Alex Lichtenstein is Associate Professor of History at Indiana University. His work centers on the intersection of labor history and the struggle for racial justice in societies shaped by white supremacy, particularly the U.S. South (1865-1954) and 20th-century South Africa. His Twice the Work of Free Labor examines the role of convict leasing and chain gangs in the remaking of the American South in the half century after the Civil War. He has also written extensively about race relations in the labor movement, interracial agrarian radicalism, early civil rights struggles, and the impact of anticommunism on the labor and civil rights movements. His current book project, Trouble in Paradise: Labor Radicalism, Race Relations, and Anticommunism in Florida, 1940-1960, explores the interplay of the civil rights and labor movements in Florida during the 1940s. In 2000, he traveled to South Africa on a Fulbright Fellowship, where he developed an interest in comparative U.S./South African history and began research on the history of black and "mixed" trade unions under apartheid, a subject that will form the basis of a future book on South African labor relations and the state, tentatively entitled Making Apartheid Work.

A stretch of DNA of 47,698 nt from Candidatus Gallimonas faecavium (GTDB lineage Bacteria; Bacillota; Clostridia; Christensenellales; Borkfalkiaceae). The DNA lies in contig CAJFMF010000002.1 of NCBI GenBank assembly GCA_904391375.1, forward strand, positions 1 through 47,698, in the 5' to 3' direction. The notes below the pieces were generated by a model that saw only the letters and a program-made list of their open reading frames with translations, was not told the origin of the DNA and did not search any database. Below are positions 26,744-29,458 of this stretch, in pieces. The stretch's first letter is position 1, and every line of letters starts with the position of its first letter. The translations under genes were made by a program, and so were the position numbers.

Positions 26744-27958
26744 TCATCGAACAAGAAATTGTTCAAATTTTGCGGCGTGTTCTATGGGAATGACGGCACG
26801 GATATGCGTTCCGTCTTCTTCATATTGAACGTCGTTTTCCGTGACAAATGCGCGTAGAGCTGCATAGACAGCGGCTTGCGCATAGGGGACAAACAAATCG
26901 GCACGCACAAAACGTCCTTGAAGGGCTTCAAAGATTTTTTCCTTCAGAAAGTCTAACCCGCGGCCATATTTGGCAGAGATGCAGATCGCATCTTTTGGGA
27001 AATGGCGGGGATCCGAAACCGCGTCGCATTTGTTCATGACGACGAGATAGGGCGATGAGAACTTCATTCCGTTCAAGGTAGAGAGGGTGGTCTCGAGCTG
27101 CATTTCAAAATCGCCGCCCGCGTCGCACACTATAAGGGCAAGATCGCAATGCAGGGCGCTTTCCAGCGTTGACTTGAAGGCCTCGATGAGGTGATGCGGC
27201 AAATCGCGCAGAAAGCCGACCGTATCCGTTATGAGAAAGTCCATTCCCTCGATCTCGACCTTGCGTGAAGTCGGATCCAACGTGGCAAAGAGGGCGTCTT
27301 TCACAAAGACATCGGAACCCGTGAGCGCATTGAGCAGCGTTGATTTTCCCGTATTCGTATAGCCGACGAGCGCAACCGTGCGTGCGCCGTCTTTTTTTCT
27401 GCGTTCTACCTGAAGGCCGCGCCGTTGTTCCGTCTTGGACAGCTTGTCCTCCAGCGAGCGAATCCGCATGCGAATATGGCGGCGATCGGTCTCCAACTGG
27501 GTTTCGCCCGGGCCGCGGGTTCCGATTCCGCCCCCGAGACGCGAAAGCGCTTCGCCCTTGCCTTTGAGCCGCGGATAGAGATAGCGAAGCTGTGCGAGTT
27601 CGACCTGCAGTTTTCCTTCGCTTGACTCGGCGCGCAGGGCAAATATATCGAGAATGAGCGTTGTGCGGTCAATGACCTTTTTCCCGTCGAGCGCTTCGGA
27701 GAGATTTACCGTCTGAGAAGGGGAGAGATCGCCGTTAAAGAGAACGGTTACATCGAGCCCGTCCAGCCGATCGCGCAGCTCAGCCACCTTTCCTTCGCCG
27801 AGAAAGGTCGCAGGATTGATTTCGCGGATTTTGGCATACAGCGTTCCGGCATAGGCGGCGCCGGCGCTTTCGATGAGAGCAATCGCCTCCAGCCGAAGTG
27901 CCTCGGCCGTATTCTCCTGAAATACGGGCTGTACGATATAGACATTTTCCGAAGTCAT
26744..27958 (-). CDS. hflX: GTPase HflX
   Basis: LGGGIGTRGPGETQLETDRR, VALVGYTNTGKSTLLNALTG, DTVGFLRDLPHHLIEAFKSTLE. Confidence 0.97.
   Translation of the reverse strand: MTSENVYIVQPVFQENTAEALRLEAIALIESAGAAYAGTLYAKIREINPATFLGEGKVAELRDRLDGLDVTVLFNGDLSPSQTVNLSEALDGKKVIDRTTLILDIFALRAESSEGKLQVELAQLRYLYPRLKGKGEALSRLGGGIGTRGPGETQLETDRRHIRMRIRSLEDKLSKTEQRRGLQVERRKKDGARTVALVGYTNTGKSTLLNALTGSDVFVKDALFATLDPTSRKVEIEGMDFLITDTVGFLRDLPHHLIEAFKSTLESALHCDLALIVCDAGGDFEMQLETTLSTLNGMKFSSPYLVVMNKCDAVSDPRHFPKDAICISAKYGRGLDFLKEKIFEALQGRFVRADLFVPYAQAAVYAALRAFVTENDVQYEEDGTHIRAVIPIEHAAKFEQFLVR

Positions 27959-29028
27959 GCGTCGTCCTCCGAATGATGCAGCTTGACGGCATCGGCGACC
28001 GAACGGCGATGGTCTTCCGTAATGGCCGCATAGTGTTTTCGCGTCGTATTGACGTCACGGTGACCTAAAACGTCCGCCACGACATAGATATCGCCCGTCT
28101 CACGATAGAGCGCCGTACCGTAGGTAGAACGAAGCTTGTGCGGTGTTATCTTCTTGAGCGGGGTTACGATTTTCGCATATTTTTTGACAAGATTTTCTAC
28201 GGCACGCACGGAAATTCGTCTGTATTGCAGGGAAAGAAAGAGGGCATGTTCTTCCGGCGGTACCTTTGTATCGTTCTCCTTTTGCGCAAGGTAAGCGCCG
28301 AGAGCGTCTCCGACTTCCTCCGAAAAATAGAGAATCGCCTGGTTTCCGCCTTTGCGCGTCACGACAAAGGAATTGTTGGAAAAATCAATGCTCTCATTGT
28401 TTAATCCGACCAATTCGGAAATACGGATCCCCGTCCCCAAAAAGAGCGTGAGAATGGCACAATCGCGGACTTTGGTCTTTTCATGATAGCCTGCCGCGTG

East Asian Studies Center, Russian and East European Institute, African Studies Program